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Rural Remote Health. 2013 Oct-Dec;13(4):2225. Epub 2013 Dec 1.

Audit of cholesterol management among primary care patients in rural southern Italy.

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National Italian Society of Medical Education In General Practice, Caserta, Italy.



There has not yet been an audit of achievement rates of therapeutic targets for cholesterol management in the rural Italian primary care setting. The purpose of this study was to measure the percentage of patients with hypercholesterolaemia in a rural primary care setting in southern Italy, classify their risk category and measure the proportions of those patients who achieved optimal cholesterol levels according to the Adult Treatment Panel III guidelines.


The audit was completed using records from 1 January 2005 to 31 December 2007. An electronic search key was entered into the electronic clinical records of 10 family doctors in a rural area of southern Italy for subjects with a diagnosis of or being treated for hypercholesterolaemia. A total of 194 hypercholesterolaemic patients were randomly selected from a cohort of patients registered with these family doctors. The low density lipoprotein cholesterol (LDL-C) target level was 100 mg/dL (2.6 mmol/L) in patients with existing cardiovascular disease, 130 mg/dL (3.3 mmol/L) for patients with ≥2 risk factors, and 160 mg/dL (4.1 mmol/L) for all other patients. The results regarding the efficacy of the therapy were categorised as follows: (1) on target, LDL-C lower or equal to levels of affiliated class; (2) poor control, 1-30 mg/dL (0.03-0.78 mmol/L) above the target level of LDL-C; (3) very poor control, ≥31 mg/dL (≥0.8 mmol/L) above the LDL-C target level.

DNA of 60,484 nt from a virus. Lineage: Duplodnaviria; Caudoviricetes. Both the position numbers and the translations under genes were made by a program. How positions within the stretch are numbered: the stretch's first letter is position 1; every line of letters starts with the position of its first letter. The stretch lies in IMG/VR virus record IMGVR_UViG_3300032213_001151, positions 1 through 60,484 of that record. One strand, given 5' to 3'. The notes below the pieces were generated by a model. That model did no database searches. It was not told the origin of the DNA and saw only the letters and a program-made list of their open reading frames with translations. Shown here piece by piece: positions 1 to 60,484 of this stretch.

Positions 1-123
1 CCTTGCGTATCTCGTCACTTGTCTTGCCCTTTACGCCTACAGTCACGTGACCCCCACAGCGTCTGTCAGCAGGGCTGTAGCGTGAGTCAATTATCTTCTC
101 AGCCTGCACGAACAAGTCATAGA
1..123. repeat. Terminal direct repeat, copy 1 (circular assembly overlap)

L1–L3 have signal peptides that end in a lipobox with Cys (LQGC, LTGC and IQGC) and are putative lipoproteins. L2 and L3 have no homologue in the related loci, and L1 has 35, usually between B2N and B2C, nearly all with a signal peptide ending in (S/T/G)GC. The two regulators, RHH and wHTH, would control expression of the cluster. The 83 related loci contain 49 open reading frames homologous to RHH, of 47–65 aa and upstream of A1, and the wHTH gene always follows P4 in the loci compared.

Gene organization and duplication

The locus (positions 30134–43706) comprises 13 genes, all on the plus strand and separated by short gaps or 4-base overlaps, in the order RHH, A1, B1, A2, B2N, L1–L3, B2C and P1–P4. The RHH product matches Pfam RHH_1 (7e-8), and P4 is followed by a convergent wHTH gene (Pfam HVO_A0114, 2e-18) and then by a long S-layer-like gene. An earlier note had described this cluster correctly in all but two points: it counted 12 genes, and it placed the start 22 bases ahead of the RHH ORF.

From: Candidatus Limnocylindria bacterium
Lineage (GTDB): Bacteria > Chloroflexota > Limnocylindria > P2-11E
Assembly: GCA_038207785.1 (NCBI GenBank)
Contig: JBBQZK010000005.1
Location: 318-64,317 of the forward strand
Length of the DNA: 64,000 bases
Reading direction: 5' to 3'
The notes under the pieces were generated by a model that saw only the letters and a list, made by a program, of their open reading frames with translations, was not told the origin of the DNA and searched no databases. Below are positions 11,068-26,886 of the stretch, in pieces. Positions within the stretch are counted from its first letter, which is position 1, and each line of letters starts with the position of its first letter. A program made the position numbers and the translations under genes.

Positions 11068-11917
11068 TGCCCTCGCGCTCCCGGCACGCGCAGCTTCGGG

The average age of the hypercholesterolaemic patients included in the study was 62.0 ± 9.0 years; 55% were males, 30% were smokers, 71.3% suffered from hypertension, 46.3% had diabetes, 39.9% were obese and 31.9% had a family history of coronary disease. There were 114 subjects in Class I (personal history of coronary disease, cardiovascular risk ≥ 20, diabetes mellitus) LDL-C target level. Of these patients, 24.6% were at target, 30.7% had poor control and 44.7% had very poor control. A total of 42.3% of the subjects examined with the score system adopted by the Italian Heart Project showed levels of cardiovascular risk between 5% and 19% and were not eligible for a free prescription of lipid-lowering drugs.


These data suggest that cholesterol management in this rural area is not always optimal in patients with high cardiovascular risk. Italian healthcare regulation seems to be a barrier to drug prescription and it may influence optimal LDL-C control.

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